Sunday, May 6, 2018

Irish bardic poetry on the subject of harps and harpers.


This is a selection of Irish bardic poetry on the subject of harps and harpers. The earliest of these come from a collection of Irish poems which were researched and translated by the great Gaelic scholar Osborn Bergin in the period 1918-1926.

Bergin states:
By Bardic Poetry I mean the writings of poets trained in the Bardic Schools as they existed in Ireland and the Gaelic parts of Scotland down to about the middle of the seventeenth century. In Scotland, indeed, they lingered on till the eighteenth century. At what time they were founded we don't know, for the Bardic order existed in prehistoric times, and their position in society is well established in the earliest tradition. You will understand that the subject is a vast one, but I mean to deal only with a small portion of it—the poetry of the later Bardic schools from about the thirteenth century to the close—that is to say, compositions of the period known as Later Middle Irish and Early Modern Irish."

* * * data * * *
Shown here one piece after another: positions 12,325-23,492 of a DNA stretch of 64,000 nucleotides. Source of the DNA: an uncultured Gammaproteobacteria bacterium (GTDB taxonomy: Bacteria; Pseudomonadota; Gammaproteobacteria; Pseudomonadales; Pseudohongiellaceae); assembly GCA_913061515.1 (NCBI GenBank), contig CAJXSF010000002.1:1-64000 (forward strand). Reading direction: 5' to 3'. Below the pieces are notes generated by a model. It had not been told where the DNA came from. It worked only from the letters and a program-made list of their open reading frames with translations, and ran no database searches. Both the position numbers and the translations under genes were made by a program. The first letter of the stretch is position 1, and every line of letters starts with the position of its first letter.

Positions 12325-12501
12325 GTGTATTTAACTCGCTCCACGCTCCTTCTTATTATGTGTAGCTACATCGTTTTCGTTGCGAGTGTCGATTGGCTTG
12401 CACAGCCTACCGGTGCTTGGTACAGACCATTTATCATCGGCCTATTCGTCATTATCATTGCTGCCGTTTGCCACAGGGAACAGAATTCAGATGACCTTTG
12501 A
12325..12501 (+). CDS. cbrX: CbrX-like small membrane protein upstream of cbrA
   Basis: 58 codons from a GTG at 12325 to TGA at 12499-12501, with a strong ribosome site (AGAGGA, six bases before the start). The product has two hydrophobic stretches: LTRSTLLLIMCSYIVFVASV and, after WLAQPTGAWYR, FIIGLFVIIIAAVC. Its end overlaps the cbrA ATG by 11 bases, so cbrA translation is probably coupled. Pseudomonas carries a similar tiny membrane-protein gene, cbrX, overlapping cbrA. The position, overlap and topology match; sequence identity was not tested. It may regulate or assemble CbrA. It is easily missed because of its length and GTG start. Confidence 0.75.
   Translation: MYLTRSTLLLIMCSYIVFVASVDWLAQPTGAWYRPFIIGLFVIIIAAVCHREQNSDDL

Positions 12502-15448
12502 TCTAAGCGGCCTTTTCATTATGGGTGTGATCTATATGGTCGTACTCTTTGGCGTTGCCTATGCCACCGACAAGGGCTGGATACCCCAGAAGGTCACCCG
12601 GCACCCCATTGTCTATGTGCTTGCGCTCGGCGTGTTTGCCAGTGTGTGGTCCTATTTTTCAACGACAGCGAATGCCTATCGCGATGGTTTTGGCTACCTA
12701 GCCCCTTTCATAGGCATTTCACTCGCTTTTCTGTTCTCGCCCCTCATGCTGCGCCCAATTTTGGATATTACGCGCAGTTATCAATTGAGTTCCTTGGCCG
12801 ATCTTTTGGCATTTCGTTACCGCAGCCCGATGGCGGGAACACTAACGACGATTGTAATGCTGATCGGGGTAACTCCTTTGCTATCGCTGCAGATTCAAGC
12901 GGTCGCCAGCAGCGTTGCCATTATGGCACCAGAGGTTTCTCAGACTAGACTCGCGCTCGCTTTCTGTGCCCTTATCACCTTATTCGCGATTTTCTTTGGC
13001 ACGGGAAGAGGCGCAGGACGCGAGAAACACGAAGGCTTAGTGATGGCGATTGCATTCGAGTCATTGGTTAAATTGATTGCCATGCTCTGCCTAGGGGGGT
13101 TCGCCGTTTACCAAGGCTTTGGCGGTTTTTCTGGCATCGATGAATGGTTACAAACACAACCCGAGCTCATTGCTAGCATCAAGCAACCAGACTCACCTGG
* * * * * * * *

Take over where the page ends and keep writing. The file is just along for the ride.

Osborn Bergin
Irish Bardic PoetryDolmen Press, 1970
p. 3


The language of the poems is a somewhat artificial poetic Gaelic which remained almost unchanged over 500 years, although the spoken language continued to evolve in different areas. Hence, by the end of the period people complained that the poets were difficult to understand. It also means that the poetry can not be identified by region or date on stylistic grounds. Most of the words will be recognizable to the student of modern Irish, although the grammar is different enough that translation requires a specialist in the subject.

The structure of the poems follows a precise formal structure based on one of the traditional syllabic metres. These are very polished works produced by skillful professionals in a very dignified style. The subject matter of the poems as a whole is quite wide, but I have chosen only those connected with harps. No other musical instruments are mentioned, except in one place "liric", which Bergin translates as "lyre". This may be just a synonym for harp.

Poetry was a hereditary occupation, although training at a Bardic College for a period of about seven years was also required. The method of composing was to lie in a darkened room for an extended period of time until the poem was complete. Many have commented that this seems like a relic of some type of divination ceremony going back to pagan times.

Some of the poems:

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